Europe's leaders offer support for Syria airstrike while U.S. left looks for something to complain about

As Ed noted earlier today, allies of the United States around the world have reacted positively to the airstrike against Syria, but here at home, the progressive left is struggling to find something to complain about. They know that any action taken by President Trump must be wrong, they just haven’t figured out how to go on the attack quite yet. First a refresher on the international response from the Hill:

Leaders across Western Europe, as well as anti-terrorist allies Saudi Arabia and Turkey, welcomed the attack as an effective means of retaliation for the Assad administration’s alleged role in a chemical attack in northern Syria on Tuesday that killed scores of civilians, according to The New York Times.

“The U.K. government fully supports the U.S. action, which we believe was an appropriate response to the barbaric chemical weapons attack launched by the Syrian regime, and is intended to deter further attacks,” United Kingdom Prime Minister Theresa May’s office said in a statement.

In a joint statement, French President Francois Hollande and German Chancellor Angela Merkel said that Assad himself brought on the U.S. attack on the airbase and “carries responsibility for these developments.”

Hollande and Merkel also said, “[Assad’s] repeated use of chemical weapons and his crimes against the population demanded sanction.” In Israeli Prime Minister Benjamin Netanyahu said he “fully supports” the strike. The Ukranian foreign minister said, “For those who break who break international law by using chemical weapons, impunity would lead to further crimes.”

Here at home, some on the progressive left clearly have a lot invested in the defense of President Obama’s dithering, non-reaction to Syria’s use of chemical weapons. Giving Trump any credit now is an implied rebuke to the previous administration. So here’s former Obama administration spokesperson Jen Psaki writing at CNN [emphasis added]:

Taking targeted military action this evening is a step that probably felt powerful to Trump. It shows action. It shows force. It shows military strength.

The problem remains: What is next? Syria is led by a brutal dictator who is guilty of war crimes. But it is also a sovereign country with powerful friends, including Russia and Iran.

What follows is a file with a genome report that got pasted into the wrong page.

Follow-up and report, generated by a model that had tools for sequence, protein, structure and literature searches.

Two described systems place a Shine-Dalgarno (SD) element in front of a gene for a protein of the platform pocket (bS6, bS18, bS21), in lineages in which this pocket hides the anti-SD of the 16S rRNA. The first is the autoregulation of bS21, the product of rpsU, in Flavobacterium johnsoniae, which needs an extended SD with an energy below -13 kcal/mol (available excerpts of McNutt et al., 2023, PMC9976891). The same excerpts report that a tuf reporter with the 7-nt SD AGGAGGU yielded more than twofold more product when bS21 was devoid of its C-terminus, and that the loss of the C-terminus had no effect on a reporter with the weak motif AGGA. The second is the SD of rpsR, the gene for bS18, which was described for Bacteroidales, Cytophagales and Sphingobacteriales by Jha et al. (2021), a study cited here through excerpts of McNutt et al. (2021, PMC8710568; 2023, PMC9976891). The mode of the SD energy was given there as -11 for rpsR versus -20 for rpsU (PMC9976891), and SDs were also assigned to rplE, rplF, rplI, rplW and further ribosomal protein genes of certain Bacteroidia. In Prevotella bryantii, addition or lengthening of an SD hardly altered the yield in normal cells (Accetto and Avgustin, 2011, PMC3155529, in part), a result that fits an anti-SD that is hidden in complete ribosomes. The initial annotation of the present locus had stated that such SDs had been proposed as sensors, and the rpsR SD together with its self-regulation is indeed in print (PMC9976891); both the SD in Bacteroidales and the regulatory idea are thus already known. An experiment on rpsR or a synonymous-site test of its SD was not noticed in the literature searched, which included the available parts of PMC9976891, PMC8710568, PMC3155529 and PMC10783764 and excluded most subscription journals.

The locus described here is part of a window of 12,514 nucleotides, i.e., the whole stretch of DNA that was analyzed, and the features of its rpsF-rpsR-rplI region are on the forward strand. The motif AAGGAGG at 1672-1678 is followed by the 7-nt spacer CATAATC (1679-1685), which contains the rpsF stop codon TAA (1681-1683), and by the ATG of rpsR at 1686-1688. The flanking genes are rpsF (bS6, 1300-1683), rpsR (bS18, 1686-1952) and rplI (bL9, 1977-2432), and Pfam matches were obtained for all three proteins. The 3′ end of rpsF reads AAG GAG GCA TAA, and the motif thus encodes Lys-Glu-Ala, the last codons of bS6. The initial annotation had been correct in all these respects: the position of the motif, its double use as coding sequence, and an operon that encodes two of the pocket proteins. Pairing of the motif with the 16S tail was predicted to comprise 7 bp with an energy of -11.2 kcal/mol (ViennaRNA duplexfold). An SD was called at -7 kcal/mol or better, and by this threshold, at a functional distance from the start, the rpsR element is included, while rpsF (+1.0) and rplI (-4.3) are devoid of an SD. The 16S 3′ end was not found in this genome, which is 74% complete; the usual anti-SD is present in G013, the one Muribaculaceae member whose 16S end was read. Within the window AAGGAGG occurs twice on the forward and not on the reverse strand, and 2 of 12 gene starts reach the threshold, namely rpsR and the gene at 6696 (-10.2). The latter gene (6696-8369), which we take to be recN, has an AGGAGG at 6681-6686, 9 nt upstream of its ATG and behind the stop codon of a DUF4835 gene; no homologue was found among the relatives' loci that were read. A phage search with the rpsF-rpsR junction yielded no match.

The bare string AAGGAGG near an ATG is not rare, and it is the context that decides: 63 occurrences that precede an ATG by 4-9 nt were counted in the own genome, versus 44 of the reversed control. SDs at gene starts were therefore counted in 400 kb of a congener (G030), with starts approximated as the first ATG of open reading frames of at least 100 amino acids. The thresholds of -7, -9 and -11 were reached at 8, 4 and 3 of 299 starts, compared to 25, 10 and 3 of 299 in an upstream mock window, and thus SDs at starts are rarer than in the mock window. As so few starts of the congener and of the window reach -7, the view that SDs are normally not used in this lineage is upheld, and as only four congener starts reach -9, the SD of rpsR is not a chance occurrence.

Trump acted without consulting Congress, without clear legal authority and without any coordinated military action by our partners and allies.

She concludes with this divided approach to moving forward: “there are questions that both supporters and opponents of Trump deserve answers to in the coming days.” The bottom line (apparently) is that America is still made up of supporters and opponents and Psaki wants to see that division express itself on this issue as soon as possible.

Similarly, Igor Volsky of the Center for American Progress Action has a series of questions:

Once again, the goal here is to, first, question the legality of the action and raise partisan hackles on issues like Syrian refugees (#2), GOP hypocrisy (#3). The American left is scrambling for some way to controversialize this and turn it into another domestic partisan battle.

What “The Resistance” would really like to say is that the airstrike represents, “aggression against a sovereign state in violation of international law, and under a false pretext.” And they could add that the administration acted in, “tough contradiction with international law and without UN approval, in violation of its own procedures stipulating that the Congress must first be notified of any military operation unrelated to aggression against the US.”

The first quote is actually what Putin’s spokesperson said and the second is what Russia’s Prime Minister Dmitry Medvedev said. So the progressive left may need to rearrange the wording a bit but the gist will be the same.